Yes, the child in Mary’s womb is a love child. But here love child is not a euphemism for illegitimate – in times past the designation of a child born to unmarried parents. No, this child is the revelation of God’s awesome love for humanity. Love that can be seen, heard, and touched. This embodied love of God will feed and nourish God’s people.
Joseph’s daytime resolution to quietly dismiss Mary has given way to a night of dreaming, pondering, and wrestling. Joseph’s view of Mary, her pregnancy, and his view, even of himself, has been opened and enlarged. He has begun to see this situation, this scandalous pregnancy, through the eyes of faith rather than the stares of the villagers. Mary’s story and the angel’s words now speak louder than the villagers’ voices.
The only reason this could happen is because Joseph entrusted himself to the night, to the inner world where angels appear, guide, and speak God’s word and convey His message.
The night of faith shows reality to be more than the daytime dramas with which we often live. It is the place where God speaks the truth about us and sees more than we sometimes see for ourselves. It is the night of Emmanuel. Joseph experienced God with him. He found holiness hidden, where it has always been hidden, in plain sight amongst the scandals, the talk, the looks, the stares, the questions and the doubts.
And so, Joseph awoke in the morning and did what he had to do. He began emptying himself.
He let go of fear.
He let go of the villagers’ voices and stares.
He let go of the judgments of others.
He let go of his doubts and questions.
He let go of his own reputation and standing in the community.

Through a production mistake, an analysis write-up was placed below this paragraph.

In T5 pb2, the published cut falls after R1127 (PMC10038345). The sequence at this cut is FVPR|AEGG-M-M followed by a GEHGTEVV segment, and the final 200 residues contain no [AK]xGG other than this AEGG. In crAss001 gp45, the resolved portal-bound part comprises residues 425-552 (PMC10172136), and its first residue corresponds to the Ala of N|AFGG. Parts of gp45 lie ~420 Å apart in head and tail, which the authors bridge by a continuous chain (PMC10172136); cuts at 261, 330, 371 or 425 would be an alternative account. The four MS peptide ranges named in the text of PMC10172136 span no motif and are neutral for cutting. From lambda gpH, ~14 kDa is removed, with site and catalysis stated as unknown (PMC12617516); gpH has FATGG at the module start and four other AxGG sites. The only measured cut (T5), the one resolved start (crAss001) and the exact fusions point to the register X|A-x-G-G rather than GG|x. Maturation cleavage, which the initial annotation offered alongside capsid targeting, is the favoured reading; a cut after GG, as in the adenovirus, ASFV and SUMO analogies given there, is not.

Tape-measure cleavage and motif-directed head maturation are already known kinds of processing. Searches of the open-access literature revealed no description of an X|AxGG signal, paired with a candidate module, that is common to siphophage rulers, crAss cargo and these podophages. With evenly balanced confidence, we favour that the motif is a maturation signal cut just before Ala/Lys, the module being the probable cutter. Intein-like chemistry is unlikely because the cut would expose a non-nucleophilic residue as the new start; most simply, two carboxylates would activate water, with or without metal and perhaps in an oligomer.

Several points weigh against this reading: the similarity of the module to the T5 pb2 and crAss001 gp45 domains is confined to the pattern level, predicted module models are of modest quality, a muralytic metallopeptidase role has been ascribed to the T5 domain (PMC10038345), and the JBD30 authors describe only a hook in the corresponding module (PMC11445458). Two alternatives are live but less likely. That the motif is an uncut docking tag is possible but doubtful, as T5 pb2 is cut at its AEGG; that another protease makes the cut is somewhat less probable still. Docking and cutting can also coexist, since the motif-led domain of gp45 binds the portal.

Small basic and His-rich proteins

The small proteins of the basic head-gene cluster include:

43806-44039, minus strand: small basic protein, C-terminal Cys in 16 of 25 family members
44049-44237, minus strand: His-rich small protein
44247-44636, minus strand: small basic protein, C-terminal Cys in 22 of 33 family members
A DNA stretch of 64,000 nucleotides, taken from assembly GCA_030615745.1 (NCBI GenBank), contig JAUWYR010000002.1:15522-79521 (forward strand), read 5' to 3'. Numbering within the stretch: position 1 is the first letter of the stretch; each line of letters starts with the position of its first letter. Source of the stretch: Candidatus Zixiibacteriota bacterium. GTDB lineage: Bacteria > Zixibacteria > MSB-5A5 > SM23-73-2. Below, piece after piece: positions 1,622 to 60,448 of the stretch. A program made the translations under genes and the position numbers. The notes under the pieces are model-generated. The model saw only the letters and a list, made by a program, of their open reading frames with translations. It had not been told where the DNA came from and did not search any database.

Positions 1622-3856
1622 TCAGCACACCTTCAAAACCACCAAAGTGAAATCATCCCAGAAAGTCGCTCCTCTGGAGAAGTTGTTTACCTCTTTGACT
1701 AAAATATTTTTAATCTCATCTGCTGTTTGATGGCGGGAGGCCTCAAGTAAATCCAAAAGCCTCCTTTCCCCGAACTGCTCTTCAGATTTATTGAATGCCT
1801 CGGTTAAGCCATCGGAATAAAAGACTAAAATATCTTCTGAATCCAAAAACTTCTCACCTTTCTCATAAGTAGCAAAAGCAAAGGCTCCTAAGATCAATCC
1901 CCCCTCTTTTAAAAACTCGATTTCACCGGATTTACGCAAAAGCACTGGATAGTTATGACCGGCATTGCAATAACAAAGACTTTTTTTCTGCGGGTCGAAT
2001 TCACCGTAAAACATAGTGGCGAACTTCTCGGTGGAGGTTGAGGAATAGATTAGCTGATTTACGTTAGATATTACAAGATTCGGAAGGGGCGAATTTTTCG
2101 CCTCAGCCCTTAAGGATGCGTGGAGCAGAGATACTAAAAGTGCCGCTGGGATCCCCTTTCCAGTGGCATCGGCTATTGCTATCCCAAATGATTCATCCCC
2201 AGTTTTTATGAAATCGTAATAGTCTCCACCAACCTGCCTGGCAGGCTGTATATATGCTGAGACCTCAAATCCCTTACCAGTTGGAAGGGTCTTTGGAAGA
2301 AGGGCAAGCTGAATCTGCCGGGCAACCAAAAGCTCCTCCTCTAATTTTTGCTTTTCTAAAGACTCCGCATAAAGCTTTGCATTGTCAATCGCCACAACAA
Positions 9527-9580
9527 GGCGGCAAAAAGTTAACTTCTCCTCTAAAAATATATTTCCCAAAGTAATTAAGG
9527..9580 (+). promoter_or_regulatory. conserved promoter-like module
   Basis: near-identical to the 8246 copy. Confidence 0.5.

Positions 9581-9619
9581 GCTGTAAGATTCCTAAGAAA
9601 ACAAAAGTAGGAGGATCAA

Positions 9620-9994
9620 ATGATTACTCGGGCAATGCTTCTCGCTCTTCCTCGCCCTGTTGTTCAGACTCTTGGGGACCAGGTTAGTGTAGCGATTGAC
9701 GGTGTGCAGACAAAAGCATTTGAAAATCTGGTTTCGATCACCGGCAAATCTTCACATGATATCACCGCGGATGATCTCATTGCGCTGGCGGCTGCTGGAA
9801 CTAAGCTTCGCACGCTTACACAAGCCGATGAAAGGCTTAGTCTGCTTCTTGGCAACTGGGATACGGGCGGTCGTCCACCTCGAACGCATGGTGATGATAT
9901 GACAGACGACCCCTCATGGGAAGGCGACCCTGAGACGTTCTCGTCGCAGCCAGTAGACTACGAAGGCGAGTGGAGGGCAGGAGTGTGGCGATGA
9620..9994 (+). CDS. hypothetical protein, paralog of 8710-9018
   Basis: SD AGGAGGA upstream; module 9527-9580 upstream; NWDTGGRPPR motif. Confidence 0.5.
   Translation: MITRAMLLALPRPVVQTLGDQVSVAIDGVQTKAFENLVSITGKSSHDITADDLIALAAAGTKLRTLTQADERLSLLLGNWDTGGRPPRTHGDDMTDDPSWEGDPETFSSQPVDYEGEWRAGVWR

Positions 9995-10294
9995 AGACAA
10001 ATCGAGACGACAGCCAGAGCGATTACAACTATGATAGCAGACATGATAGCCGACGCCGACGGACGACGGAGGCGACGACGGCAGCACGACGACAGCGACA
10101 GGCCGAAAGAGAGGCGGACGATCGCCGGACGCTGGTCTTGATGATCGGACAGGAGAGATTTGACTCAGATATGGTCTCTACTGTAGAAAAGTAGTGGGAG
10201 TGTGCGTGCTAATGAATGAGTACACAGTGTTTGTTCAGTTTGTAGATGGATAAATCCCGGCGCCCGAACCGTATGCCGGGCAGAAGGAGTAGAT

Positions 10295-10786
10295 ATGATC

He let go of his ideas and hopes for what his marriage to Mary could have been.
He let go of the law and punishment.
With each letting go Joseph emptied himself so that, by God’s grace and mercy, he might become the womb that would protect, nourish, and provide security for Mary and her child.
He would be the womb that sheltered Mary and Jesus from Herod’s rage and the slaughter of the innocents. He would be the womb that safely took Jesus and Mary to Egypt. He would be the womb that sustained their lives in that land. He would be the womb that brought them back to Nazareth when the time was right.
Isn’t that what wombs do? They are the place where life is created and sustained, nourished, and grown. They offer security and protection. They are that deep interior place where God’s love and breath meet and unite with ours to create something beautiful and sacred. The womb Joseph offered was as important as the womb Mary offered. Even as God was acting in Mary’s womb to create new life, so God was acting in Joseph’s womb to sustain that life.
At one level today’s gospel is about Mary and Joseph but at another level it is about you and me. It is about our becoming more open and receptive, more womb-like in this final week of Advent so that we too might give birth to God’s Son in our time and in our culture.
Joseph guides us to Christmas reminding us that before a womb can be filled it must be empty. He invites us to enter the night of faith and to begin emptying ourselves of all that keeps our womb closed. We must let go of all those things that make our wombs inaccessible. Things like fear, guilt, resentment, and anger, the villagers’ voices and stares, the thoughts that say we are not enough, the doubts of God’s presence, the isolation and the loneliness of loss and sorrow. His letting go of all this, created space, openness and opportunity for God.
Over and over, we let go, emptying ourselves until we find that we are nothing and have nothing. That nothingness is our empty womb offered with scandalous faith: that it will be filled by God, that we will be re-created, that the world will hear the good news, and that once again we will discover God is with us and within us.
The Rev. Frank J. Alagna
December 18, 2022